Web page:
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Trust in Science

October 13, 2014

Who Do You Trust? was a television game show that ran from 1957-1963. I'm sure that early in the show's planning, someone pointed out that the title should be, Whom Do You Trust?, and he was promptly laughed out of the room. Such was the fate of the Grammar Police even before the Internet.

Trust is an essential part of science. Aside from the few reported problems of data fabrication and plagiarism that seem to happen on a near weekly basis, scientists are an honest bunch, at least percentage-wise. Perhaps it's my physical science hubris speaking, but nearly all such dishonesty seems to happen in the biological and social sciences, and in psychology. One egregious counterexample is the Schön scandal in physics, so no field of science is without sin.

We're living is an era of elevated distrust. The public seems to have lost trust in corporate and financial institutions, and in their government leaders. While U.S. President, Dwight D. Eisenhower, rightly warned us in 1961 about the danger of the military-industrial complex, who in the new millennium warned us about the insidious affect of lobbyists, political action committees, and money on government policy?

In God We Trust - US Twenty Dollar Bill

In God We Trust - All Others Pay Cash.

In God We Trust (shown on a twenty dollar bill) is the modern motto of the United States, substituting for e pluribus unum.

(Via Wikimedia Commons.)


While the American Physical Society has joined many other scientific societies in issuing a statement affirming climate change, there are still many who don't believe that there is global warming, let alone anthropogenic climate change. In short, some members of the public don't trust scientists or the scientific method.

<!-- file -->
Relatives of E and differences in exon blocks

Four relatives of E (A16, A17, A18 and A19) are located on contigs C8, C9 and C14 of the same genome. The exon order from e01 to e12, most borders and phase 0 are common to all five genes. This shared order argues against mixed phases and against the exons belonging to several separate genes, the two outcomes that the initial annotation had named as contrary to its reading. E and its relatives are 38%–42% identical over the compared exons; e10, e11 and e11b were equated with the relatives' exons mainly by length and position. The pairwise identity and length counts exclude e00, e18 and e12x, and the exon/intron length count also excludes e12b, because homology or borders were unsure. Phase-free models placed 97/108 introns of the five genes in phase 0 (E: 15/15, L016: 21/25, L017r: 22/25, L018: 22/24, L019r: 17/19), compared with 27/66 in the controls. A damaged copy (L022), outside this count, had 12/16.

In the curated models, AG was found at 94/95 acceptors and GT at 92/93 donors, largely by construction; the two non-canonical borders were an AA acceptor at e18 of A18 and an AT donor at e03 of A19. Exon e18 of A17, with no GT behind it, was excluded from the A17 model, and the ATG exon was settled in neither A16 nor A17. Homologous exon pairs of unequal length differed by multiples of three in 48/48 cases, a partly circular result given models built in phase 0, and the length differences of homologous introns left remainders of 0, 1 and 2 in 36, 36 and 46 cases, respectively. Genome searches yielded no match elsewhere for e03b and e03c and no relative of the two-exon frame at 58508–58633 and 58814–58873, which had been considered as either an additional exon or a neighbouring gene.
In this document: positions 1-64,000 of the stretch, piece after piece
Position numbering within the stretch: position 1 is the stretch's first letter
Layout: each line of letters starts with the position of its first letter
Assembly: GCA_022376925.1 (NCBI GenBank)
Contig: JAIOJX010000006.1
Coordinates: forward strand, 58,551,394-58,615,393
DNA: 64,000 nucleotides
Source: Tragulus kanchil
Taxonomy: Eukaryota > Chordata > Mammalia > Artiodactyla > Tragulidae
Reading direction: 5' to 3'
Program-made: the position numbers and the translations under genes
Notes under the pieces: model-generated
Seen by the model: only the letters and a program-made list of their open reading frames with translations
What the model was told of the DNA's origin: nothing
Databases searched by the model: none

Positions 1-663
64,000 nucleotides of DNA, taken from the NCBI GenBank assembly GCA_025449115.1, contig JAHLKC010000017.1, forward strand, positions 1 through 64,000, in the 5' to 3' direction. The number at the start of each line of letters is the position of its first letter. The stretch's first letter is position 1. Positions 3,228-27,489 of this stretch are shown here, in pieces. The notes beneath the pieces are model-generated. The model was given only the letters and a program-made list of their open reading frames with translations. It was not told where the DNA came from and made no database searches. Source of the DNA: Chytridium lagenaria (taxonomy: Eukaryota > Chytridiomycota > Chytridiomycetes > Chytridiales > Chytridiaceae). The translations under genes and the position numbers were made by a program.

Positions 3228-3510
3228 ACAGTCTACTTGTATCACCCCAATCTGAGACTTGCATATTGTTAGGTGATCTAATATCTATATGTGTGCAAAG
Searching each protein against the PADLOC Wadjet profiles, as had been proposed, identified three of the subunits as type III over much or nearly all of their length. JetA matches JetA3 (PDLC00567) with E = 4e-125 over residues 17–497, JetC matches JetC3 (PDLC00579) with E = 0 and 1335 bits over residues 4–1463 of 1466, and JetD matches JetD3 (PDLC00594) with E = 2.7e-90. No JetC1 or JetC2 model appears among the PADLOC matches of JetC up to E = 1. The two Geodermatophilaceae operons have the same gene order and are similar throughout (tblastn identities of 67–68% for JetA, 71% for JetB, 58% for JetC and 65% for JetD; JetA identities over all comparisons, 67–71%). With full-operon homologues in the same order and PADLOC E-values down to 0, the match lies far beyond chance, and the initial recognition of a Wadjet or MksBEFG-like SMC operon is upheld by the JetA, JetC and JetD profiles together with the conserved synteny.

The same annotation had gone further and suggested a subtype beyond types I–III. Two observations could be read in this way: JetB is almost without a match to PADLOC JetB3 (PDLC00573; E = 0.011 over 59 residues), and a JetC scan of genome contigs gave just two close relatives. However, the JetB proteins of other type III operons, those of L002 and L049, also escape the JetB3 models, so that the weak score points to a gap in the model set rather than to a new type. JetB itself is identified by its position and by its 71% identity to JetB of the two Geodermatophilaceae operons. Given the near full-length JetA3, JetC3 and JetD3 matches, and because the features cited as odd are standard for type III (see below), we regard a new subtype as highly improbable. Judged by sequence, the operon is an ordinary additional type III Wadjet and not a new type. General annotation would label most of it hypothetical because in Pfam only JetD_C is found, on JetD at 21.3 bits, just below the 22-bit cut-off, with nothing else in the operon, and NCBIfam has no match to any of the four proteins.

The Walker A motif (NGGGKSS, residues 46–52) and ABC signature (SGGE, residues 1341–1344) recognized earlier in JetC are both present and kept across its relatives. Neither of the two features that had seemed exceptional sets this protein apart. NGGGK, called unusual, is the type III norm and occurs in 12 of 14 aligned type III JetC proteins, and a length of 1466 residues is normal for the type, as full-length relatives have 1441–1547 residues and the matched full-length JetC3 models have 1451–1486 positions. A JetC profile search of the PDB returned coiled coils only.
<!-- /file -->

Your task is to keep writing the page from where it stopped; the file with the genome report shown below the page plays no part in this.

Google search has an autocomplete feature. As an exercise suggested by PHD Comics in which Google's autocomplete gave some interesting results for the query, "Academics are...," I typed, "Scientists are..." Here's what I got (note that some Google features are customized to the user, so your results may vary):
Scientists are idiots
Scientists are liars
Scientists are liberal
The Internet, apparently, has a strong bias against scientists.

While I object to being called an idiot and a liar, I do confess that I'm a liberal. In my experience, most scientists are liberals, so that's not a surprise. It's also my experience that most engineers are conservatives. It's probably good to have conservatives design things like elevators and airliners, so a conservative engineer is a good thing. Likewise, there shouldn't anything too damning about being a liberal.

Susan Fiske and Cydney Dupree of Princeton University's Woodrow Wilson School of Public and International Affairs have just published a study of the public perception of scientists, and they make recommendations as to how this perception might be improved. According to Fiske and Dupree, the public perception of a person is a combination of a their apparent intent (warmth) and capability (competence).[1-2]